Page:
Q: How do retirement goals play into the decision making process?

Mr. Rush: Understanding short- and long-term goals plays a key role in determining which retirement savings option is best for you. For some people, setting goals may seem overwhelming, and rather than letting long-term planning be a barrier to saving for retirement, I'd encourage them to simply save as much as possible to any of the plans previously mentioned.

However, for those willing to do some planning upfront, they'll be in a better situation to maximize their retirement savings potential. The following are some items to consider when planning for retirement that should help you decide what type of retirement plan is best for your situation:

- How long do you need to work to meet retirement spending goals and what might future expenses look like?
- Will you be eligible for multiple sources of retirement income? If so, how do they all work together? Common sources of retirement income include pension(s), Social Security, and investment income.
- Given your anticipated retirement income, what are taxes projected to be?

calculator iconCalculator: How much income will my retirement savings provide?

Q: Most retirement plans limit investment options. How can teachers get proper diversification among the various plans?

Mr. Rush: IRAs typically provide more investment options than a 403(b) plan. As mentioned above, it's important to consider all plans you are eligible for and investment flexibility and diversification is a key reason for doing so.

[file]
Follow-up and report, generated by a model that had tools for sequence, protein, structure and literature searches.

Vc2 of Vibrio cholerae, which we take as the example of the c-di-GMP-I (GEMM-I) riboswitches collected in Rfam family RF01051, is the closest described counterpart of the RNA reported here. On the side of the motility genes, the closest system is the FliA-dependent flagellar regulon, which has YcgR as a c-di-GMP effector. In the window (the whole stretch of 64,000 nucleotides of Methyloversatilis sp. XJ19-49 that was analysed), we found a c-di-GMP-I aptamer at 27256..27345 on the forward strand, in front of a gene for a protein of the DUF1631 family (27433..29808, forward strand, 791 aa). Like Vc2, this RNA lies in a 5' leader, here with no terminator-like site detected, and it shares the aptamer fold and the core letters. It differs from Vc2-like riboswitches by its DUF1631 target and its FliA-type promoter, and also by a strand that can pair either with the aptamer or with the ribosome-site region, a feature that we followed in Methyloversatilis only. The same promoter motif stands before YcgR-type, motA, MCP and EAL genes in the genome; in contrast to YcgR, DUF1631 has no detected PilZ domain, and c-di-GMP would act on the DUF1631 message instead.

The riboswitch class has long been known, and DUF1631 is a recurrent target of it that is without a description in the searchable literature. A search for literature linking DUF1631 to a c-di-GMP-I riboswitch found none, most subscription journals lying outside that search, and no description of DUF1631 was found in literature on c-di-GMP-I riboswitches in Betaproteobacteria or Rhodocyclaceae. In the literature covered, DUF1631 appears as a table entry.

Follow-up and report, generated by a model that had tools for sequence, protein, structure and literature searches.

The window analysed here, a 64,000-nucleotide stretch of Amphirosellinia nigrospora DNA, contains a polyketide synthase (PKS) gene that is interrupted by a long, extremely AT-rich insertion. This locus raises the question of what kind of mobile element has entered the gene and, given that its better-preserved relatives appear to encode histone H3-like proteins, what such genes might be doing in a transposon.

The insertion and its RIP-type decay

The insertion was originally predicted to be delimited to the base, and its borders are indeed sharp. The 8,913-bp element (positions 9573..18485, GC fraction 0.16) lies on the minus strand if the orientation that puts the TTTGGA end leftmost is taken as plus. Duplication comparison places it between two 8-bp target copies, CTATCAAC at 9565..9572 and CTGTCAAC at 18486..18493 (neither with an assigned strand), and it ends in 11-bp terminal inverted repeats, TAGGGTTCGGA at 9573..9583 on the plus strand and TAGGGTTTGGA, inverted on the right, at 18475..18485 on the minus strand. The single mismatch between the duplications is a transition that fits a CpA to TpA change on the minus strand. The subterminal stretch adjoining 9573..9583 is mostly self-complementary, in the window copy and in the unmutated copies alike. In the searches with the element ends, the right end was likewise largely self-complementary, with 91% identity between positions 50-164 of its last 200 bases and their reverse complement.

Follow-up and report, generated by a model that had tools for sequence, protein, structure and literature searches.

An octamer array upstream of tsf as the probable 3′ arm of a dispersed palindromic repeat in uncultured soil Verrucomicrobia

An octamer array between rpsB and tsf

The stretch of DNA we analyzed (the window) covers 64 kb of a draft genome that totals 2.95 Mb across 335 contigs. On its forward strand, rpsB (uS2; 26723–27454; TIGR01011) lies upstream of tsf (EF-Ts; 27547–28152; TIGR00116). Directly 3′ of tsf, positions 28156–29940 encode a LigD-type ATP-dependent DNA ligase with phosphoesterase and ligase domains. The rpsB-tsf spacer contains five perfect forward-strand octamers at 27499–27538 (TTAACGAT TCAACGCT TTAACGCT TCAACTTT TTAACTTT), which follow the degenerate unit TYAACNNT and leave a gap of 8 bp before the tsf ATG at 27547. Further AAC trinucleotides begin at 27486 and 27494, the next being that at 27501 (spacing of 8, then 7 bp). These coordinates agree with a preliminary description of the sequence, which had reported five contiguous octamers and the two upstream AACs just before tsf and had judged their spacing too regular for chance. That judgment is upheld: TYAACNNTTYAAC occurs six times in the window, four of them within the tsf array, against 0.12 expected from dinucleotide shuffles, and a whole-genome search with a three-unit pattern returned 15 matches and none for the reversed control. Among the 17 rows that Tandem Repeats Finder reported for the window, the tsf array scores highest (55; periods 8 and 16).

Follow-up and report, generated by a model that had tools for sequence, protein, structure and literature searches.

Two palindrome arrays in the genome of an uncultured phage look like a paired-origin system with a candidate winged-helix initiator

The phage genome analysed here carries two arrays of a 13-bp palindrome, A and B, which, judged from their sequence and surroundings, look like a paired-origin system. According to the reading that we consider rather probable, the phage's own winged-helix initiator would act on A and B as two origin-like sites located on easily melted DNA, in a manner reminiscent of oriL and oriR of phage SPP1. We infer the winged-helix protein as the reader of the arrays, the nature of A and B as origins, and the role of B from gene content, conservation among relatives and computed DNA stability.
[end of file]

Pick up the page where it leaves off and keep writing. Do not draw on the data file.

Q: Taxes play a big role in terms of which retirement accounts should be accessed first. Is each case unique? Or are there some general rules that apply to everyone?

Mr. Rush: Each case is unique when it comes to planning to minimize taxes in retirement. However, to the extent someone may "diversify" their sources of retirement income by saving to various types of accounts while working, they may create future tax planning opportunities.

For example, if you receive pension income and also take distributions from a traditional 403(b) during retirement, both sources of income are likely fully taxable. Whereas, if you receive pension income and also take distributions from a Roth 403(b) or Roth IRA during retirement, the pension will likely be fully taxable, but the Roth account(s) may provide tax-free income. The different tax treatment of these sources of income may enable you to optimize your tax situation, especially if you must coordinate your retirement income with other income your spouse is eligible for (e.g. Social Security).

Just like it's important to diversify investment holdings, it's important to diversify retirement savings by making use of accounts that have various tax benefits (and consequences) today and in the future.


Justin Rush is a Certified Financial Planner®, member of the Finance for Teachers Network (http://advisors.financeforteachersnetwork.com/), and NAPFA member (napfa.org). His specialty is working with teachers in Ohio at various stages of their career. For more information for teachers visit his blog at jgrfinancial.com.